Meetings are one of the most powerful communication tools available to governing bodies. But without strong participation from all stakeholder groups, your meetings lose their potential for diverse input, common understanding, and educational opportunities. In today’s world of smart phones and tablets, inclusive applies to both physical and virtual access.
Although there are a number of ways to improve participation, it’s important to first understand why you need to make your meetings accessible to all.
With a significant portion of the population living with disabilities that can affect their ability to attend or participate in meetings, there’s both a moral, and increasingly legal responsibility for organizers to ensure meetings are inclusive to all.
What is Digital Accessibility?
Physical Accessibility refers to the design of products, devices, services, or physical environments in such a way to provide “universal access” for all people, including those living with disabilities.
Digital Accessibility applies the same principals of “universal access” to websites, applications, online content and electronic documents, so they can be easily navigated and understood by all people, including those who have visual, auditory, motor or cognitive disabilities.
If you’re planning a public meeting or publishing an open invitation without collecting RSVPs, you should be prepared to accommodate anybody who may physically or virtually come to your meeting.
Evaluate Your Organization
The first step towards compliance is understanding how inclusive your meetings currently are to different internal and external stakeholder groups. Are you familiar with your accessibility requirements?
Complying with these standards requires a working knowledge of the features that help make your materials accessible. These are called accessibility features and they include blind or low-vision assistance and deaf or low-hearing assistance for computer users.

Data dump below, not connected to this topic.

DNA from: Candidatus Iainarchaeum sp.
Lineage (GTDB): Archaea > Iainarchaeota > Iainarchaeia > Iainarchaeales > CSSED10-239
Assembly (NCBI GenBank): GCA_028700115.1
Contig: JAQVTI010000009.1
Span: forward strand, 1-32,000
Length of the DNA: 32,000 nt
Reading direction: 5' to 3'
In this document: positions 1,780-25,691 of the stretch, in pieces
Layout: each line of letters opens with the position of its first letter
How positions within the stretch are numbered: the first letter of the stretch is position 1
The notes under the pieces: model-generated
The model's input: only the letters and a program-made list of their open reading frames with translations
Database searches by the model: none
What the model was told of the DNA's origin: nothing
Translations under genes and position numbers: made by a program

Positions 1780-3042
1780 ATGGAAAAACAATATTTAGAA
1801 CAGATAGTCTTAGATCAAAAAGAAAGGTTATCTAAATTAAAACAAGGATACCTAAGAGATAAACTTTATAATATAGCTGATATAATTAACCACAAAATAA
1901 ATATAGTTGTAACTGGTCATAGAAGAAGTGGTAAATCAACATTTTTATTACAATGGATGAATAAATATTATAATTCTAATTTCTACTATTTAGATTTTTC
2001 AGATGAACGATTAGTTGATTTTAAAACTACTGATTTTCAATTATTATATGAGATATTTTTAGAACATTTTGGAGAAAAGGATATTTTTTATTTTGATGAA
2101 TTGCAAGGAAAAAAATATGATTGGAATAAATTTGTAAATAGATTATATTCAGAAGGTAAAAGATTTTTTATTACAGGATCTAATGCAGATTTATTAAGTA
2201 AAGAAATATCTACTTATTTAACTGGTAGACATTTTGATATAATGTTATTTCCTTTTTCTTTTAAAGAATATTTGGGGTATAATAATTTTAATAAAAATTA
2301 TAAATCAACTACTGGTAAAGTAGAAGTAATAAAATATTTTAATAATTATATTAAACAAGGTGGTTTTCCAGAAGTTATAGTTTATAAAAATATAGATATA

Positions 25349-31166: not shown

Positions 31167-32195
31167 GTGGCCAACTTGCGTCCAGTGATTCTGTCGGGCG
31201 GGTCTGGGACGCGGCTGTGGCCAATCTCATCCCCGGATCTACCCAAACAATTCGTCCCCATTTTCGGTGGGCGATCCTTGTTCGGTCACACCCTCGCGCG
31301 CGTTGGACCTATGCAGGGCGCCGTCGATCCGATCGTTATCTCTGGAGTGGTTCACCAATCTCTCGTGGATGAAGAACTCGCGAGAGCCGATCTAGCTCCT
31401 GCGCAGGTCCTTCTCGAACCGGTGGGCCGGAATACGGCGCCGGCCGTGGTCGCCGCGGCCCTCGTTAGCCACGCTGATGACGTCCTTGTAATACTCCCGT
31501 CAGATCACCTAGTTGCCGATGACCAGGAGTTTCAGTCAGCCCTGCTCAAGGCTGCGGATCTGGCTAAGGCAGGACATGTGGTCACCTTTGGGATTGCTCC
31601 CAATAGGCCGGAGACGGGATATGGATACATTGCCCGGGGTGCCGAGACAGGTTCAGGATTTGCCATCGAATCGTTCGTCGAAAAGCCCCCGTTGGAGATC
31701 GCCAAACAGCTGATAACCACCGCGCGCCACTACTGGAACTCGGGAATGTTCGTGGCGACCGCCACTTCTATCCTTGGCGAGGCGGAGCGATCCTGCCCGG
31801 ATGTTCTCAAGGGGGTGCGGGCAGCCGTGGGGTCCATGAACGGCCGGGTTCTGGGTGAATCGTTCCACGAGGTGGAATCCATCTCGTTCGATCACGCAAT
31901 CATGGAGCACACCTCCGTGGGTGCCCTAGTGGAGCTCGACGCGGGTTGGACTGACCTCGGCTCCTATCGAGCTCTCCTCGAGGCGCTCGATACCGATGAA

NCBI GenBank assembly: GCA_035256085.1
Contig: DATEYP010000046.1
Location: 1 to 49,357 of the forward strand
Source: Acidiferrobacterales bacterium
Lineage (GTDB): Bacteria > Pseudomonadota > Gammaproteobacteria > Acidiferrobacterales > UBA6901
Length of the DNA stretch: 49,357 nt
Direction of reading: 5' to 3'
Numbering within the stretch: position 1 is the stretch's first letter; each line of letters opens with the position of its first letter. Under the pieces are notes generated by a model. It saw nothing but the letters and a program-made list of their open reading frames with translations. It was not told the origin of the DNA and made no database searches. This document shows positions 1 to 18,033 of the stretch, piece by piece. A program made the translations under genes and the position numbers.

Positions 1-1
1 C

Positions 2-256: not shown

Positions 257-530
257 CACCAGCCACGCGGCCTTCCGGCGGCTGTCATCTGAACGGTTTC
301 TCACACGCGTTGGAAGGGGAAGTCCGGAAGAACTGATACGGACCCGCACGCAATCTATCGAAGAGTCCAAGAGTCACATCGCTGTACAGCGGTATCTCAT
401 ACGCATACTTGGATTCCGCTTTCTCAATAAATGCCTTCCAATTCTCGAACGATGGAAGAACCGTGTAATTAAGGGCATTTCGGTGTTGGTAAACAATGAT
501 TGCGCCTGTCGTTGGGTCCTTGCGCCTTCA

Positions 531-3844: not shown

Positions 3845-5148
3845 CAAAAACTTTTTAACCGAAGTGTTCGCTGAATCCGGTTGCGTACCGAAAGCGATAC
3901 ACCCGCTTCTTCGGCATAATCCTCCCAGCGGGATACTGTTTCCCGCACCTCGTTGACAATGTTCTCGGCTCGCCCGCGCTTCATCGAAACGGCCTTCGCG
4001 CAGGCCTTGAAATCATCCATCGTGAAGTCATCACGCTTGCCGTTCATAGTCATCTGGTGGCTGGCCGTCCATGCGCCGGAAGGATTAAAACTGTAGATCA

Hardware and software solutions exist to help the visually impaired interact with computers. Hardware like alternative keyboards and switch-enabled peripherals make peripherals easier to interact with. Software and hardware versions of screen readers exist. Those with hearing impairment benefit from closed captioning of video content and mono audio, which transfers stereo audio signal into a single channel.
Some examples of software that includes accessibility features are Jaws, Microsoft Accessibility, Google Accessibility, Firefox, and Apple Accessibility. Take stock of your organization and what accessibility features you already use. Find out what features you will need to add to become compliant.
Once you have a good idea of where your organization is, it’s time to start working towards improving compliance. Here are 5 simple steps to help you get started
1. Assign Responsibility
Now that you know where your organization stands, it’s time to delegate the responsibility of achieving compliance. Find a team member that is adaptable, works well with others, and has good understanding of the goal of accessibility to step up and be the leader. Throughout your journey to compliance, this person is going to need to affect a number of changes and will potentially need to handle objections to these changes.
It’s important to communicate that these changes are not going to happen in a few short quarters. Full compliance will take time and patience, but the accessibility achieved will be well worth it.
2. Prepare for Your Accessibility Compliance Report
Your project leader should study and prepare for completing the Accessibility Compliance Report.
It is required by law to submit one such report every two years to test your organization’s accessibility compliance.
This will also serve as a guideline for getting your organization compliant!
3. Build A Timeline
Bear in mind that all of your content needs to meet WCAG 2.0 Level AA by January 1, 2021. That gives you just a handful of quarters to get your organization set up with the right tools and attitude to comply with this mandated headline.
Your timeline should include adaptation time for each change and a cushion before the 2021 hard deadline to allow for any setbacks you may encounter.
4. Find the Right Tools for Compliance
Staying on top of specific compliance regulations as they evolve is a tough prospect, but it’s necessary in order to remain compliant down the road.
The right electronic meeting software solution will allow you to keep your meetings accessibility compliant. eSCRIBE’s digital meeting solution doesn’t just provide the suite of software you need to keep your meetings compliant; we are knowledgeable in accessibility regulations and our solution will stay compliant as the laws change.
5. Hold an Accessibility-Enabled Meeting to Discuss the Changes!
What better way to first introduce your new accessible meeting tools than to show them off, in action, at your accessibility committee meeting?
Hold an organization-wide meeting using your new software specifically on the topic of accessibility. This will help everyone learn how to use the features and inspire your team to continue the accessibility momentum.
With just some work and the right tools, meeting the new accessibility standards is a great way to invite everybody to the table at your meetings!